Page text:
The Trade Desk is a cloud-based technology platform that helps ad agencies optimize their customers' spending on ads across multiple digital platforms. That means it helps companies do things like not advertise a product you've already bought, as searching for a product only indicates potential interest if it hasn't been purchased yet, and the value in its tools is evident from the company's rapid growth. Revenue is up 54% to $316.8 million through the first three quarters, and it is substantially profitable, with a non-GAAP net income of $72.7 million, good for an adjusted profit margin of 23%.

The stock trades at a high multiple, at a P/E ratio of 54.6, but that's to be expected considering its rapid growth and wide profit margins. Shares jumped last year, more than doubling during 2018, but the stock is also down about a quarter from its all-time high, falling with the broader market pullback. That means now looks like an excellent opportunity for long-term investors to get in on the stock.

Considering its high valuation, it could fall some more if stocks slide into a bear market, but with the growth opportunity ahead in digital advertising, Trade Desk could become a big winner.

"The everything store" is everywhere 

Keith Noonan ( You might order something off Amazon's e-commerce platform once a week or watch movies or television through its streaming platform on an almost daily basis, but most people aren't aware of the crucial role that the company plays behind the scenes in powering websites and internet services across the globe. The company founded Amazon Web Services in 2006, and the cloud-platform and infrastructure segment has become the backbone of the company's business -- and much of the internet.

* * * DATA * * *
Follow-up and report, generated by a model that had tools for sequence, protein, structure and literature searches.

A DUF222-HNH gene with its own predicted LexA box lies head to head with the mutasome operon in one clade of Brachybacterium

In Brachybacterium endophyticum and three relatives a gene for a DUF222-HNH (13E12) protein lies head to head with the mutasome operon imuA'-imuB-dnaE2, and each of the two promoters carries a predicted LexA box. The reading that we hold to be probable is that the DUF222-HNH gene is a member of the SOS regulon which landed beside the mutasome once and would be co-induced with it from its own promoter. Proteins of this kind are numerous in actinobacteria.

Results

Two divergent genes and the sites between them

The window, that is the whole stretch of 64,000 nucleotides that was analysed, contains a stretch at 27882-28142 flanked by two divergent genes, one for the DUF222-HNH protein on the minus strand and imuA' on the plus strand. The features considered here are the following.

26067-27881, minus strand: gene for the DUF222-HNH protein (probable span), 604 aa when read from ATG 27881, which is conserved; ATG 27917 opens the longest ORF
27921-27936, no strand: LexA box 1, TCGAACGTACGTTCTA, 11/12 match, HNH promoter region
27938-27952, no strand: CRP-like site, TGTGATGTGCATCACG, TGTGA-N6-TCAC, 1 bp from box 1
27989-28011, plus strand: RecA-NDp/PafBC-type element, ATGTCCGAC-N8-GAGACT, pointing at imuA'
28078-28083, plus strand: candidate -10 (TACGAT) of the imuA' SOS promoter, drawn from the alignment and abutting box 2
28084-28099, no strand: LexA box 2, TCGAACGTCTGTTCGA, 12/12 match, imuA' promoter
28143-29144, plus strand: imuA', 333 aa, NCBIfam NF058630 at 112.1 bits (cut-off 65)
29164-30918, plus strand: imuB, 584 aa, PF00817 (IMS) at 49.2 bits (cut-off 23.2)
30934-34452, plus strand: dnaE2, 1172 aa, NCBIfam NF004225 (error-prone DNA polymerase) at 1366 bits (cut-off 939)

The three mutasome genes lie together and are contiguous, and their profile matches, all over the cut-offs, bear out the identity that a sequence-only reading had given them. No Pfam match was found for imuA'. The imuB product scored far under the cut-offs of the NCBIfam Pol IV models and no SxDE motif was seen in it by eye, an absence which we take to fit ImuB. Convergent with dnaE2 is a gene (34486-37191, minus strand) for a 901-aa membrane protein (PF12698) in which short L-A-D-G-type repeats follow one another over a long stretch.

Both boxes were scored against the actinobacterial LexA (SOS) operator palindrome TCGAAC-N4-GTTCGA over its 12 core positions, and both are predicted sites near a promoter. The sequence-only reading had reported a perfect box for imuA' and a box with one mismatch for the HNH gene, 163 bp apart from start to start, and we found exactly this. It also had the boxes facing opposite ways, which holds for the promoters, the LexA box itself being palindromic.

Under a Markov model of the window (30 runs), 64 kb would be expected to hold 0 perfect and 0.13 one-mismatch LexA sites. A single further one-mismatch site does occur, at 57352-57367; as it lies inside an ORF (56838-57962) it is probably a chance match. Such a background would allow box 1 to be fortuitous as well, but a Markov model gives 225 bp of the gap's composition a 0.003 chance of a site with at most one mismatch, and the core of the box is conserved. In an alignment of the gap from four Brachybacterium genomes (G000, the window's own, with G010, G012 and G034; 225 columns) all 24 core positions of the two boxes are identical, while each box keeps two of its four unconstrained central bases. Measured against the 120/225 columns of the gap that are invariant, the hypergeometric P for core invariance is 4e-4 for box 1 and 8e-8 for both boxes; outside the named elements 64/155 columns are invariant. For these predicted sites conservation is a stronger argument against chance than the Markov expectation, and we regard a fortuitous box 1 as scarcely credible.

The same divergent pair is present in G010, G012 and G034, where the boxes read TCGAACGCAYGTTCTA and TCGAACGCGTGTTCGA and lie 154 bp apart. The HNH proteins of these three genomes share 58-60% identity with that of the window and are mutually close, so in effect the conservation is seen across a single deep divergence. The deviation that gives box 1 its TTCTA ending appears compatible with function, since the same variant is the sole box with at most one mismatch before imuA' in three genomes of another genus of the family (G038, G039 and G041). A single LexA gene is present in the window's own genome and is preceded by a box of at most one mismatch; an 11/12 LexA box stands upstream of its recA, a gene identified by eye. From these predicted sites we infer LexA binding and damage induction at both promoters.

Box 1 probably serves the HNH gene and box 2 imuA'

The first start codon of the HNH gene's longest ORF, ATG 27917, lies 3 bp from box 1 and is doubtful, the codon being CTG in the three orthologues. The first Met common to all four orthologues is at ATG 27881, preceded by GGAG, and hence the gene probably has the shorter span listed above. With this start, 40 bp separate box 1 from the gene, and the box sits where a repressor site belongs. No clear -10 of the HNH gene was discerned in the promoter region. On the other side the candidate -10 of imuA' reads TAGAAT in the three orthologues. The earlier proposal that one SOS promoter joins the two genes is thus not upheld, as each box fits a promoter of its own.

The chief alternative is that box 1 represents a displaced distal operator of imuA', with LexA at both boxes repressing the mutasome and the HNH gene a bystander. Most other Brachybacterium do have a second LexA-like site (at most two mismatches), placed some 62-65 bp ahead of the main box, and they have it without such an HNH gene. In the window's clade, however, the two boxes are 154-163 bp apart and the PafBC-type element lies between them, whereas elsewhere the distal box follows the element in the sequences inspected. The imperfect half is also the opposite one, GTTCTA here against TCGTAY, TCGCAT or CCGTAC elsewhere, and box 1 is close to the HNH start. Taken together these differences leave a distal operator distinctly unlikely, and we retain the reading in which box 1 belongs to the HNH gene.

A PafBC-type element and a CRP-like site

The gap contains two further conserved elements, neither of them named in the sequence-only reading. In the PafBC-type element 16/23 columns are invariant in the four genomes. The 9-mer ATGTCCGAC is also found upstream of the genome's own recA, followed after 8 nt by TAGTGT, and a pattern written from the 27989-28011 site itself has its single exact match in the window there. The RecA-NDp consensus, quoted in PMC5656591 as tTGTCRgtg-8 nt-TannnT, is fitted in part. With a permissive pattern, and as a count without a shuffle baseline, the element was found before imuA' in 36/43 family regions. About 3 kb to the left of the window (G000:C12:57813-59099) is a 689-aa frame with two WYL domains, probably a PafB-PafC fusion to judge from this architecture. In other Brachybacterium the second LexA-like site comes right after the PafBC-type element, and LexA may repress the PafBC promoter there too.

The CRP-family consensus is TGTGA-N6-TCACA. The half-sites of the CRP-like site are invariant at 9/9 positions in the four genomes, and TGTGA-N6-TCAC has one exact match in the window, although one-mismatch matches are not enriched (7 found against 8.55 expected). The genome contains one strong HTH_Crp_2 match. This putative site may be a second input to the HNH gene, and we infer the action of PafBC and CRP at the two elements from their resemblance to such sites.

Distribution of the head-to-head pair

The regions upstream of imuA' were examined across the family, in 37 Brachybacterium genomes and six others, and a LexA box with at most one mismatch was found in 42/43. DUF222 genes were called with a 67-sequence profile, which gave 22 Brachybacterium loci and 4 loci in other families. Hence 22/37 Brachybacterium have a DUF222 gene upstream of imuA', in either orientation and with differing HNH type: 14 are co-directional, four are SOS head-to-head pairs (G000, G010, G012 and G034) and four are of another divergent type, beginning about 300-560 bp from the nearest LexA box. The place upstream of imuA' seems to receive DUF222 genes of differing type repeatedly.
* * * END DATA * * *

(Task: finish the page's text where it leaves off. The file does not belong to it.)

Amazon commands roughly a third of the cloud infrastructure market, and while the ubiquity of its services is less noticeable when things are running smoothly, people tend to see the effects pretty quickly in the rare instances when its core cloud services are disrupted. Popular services including Slack, Netflix, and Snapchat represent just a small selection of the sites that depend on Amazon's cloud infrastructure.

Amazon also operates fast-growing online advertising and business-to-business e-commerce services and leads the smart-speaker market with its Alexa voice assistant and Echo hardware. If you shop at Whole Foods, check a movie's cast on IMDB, or have family members who stream video games on Twitch, that's Amazon as well. If you read The Washington Post, that's owned by Amazon's Jeff Bezos. The CEO has managed to build his business from an online book retailer to a global powerhouse with seemingly unprecedented reach and scale, and it looks like the company's expansion push is still just getting started.

John Mackey, CEO of Whole Foods Market, an Amazon subsidiary, is a member of The Motley Fool's board of directors. George Budwell owns shares of Pfizer. Jeremy Bowman owns shares of Amazon, Facebook, Netflix, and The Trade Desk. Keith Noonan has no position in any of the stocks mentioned. The Motley Fool owns shares of and recommends Adobe Systems, Amazon, Facebook, GlaxoSmithKline, Netflix, and The Trade Desk. The Motley Fool has a disclosure policy.